Reviving South Africa’s economic growth – we need fiscal credibility, economic reforms and an investment drive

Global outlook – slightly more supportive

 

Global economic growth has stabilised but the recovery remains sluggish. The slowdown in the United States and China is expected to be more than offset by improvement in some large emerging markets, the euro area and the United Kingdom. Inflation expectations remain stable, at or below targets in advanced economies and trending lower in emerging markets. Consequently, monetary policy in many advanced economies is expected to remain loose, which will support global growth.

 

The direction of the US dollar has a disproportionate impact on the global economy as global trade is priced in US dollars to a large extent. The US dollar is expected to weaken against major currencies, which implies that the emerging market exchange rate driving inflationary pressures will remain muted. This will help emerging market economies and global economic growth.

 

The biggest four global risks that dominated financial markets in 2019 have been reduced:

 

  • US–China phase one trade deal

  • Boris Johnson’s decisive victory in the UK elections

  • De-escalation of the US–Iran tensions

  • US recession risks

 

This has revived appetite for risk assets.

 

Domestic outlook – lifting economic growth

 

With a marginally supportive global outlook, we would have expected South Africa’s economic growth to pick up as well. However, domestic constraints remain binding. Electricity shortages, a weak consumer demand, and a constrained fiscus all contribute to weak economic growth outlook of about 1.0% this year and 1.5% in 2021.

 

To improve this growth outlook, three things are needed:

 

1. Re-establish fiscal credibility

 

This requires National Treasury to achieve the budget targets they set.

 

2. Implement structural economic reforms

 

The required structural reforms have been discussed at length – what remains is faster implementation, which has marginally improved so far.

 

3. Attract fixed investment

 

The success of implementing economic reforms will attract fixed investment, which will ultimately lift economic growth.

 

Inflation remains benign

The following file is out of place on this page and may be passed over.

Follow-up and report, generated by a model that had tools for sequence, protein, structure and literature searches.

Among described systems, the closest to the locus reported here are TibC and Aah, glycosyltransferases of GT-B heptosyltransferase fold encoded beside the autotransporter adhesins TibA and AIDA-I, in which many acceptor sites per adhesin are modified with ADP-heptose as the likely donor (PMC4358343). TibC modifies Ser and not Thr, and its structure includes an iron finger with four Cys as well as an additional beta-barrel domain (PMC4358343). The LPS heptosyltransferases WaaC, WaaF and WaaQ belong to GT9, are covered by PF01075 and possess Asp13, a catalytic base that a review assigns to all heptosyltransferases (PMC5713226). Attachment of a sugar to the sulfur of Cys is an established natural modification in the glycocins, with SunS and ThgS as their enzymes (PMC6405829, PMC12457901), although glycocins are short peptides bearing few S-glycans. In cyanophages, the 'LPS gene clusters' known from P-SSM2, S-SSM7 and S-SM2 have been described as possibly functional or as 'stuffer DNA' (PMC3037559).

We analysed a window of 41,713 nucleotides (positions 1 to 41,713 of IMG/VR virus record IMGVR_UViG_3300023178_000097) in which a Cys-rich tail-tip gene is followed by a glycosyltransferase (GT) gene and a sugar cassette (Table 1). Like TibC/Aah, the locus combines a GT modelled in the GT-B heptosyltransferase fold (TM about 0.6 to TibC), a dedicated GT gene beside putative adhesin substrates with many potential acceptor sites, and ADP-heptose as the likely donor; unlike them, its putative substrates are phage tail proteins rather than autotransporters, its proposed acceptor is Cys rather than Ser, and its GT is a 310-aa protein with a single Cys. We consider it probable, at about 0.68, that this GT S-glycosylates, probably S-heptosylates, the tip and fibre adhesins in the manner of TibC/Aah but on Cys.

Inflation outcomes have surprised on the downside for most of 2019 and the outlook remains benign. The SARB has cut rates by 25 basis points to 6.25% to boost consumer demand; however, the impact of this rate cut on economic growth is negligible.

 

There is still room for more cuts but the risk of credit rating downgrade from Moody’s keeps the SARB cautious. The credit rating downgrade is largely priced in by financial markets such that the impact on asset prices will likely be limited. However, the macroeconomic adjustment, following the downgrade to sub-investment, is usually painful and lasts for a very long time depending on the speed and extent of policy response.

 

Financial market performance and outlook

 

Global asset class returns have performed relatively well in 2019 compared to 2018. Developed market equities, driven by US equities, outperformed emerging markets and local equities. Global bonds underperformed other global asset classes, which is a reversal of 2018 market dynamics where bonds performed better than equities.

 

Domestic equity markets performed in line with emerging markets but domestic economic issues capped the performance. Resources, largely the gold and platinum sector, performed well, while financials had poor returns.

 

The longer term trend has seen moderating returns, which is the low investment return theme we have highlighted over the past few years. However, for 2020, emerging markets equities appear cheap and with stronger fundamentals. In similar fashion, domestic equities also appear cheap, which should benefit investors who have added holdings of local equities in their portfolios. Local bonds also continue to offer attractive real yields, particularly in an environment where global bonds offer negative or close to zero yields.

 

ENDS

 

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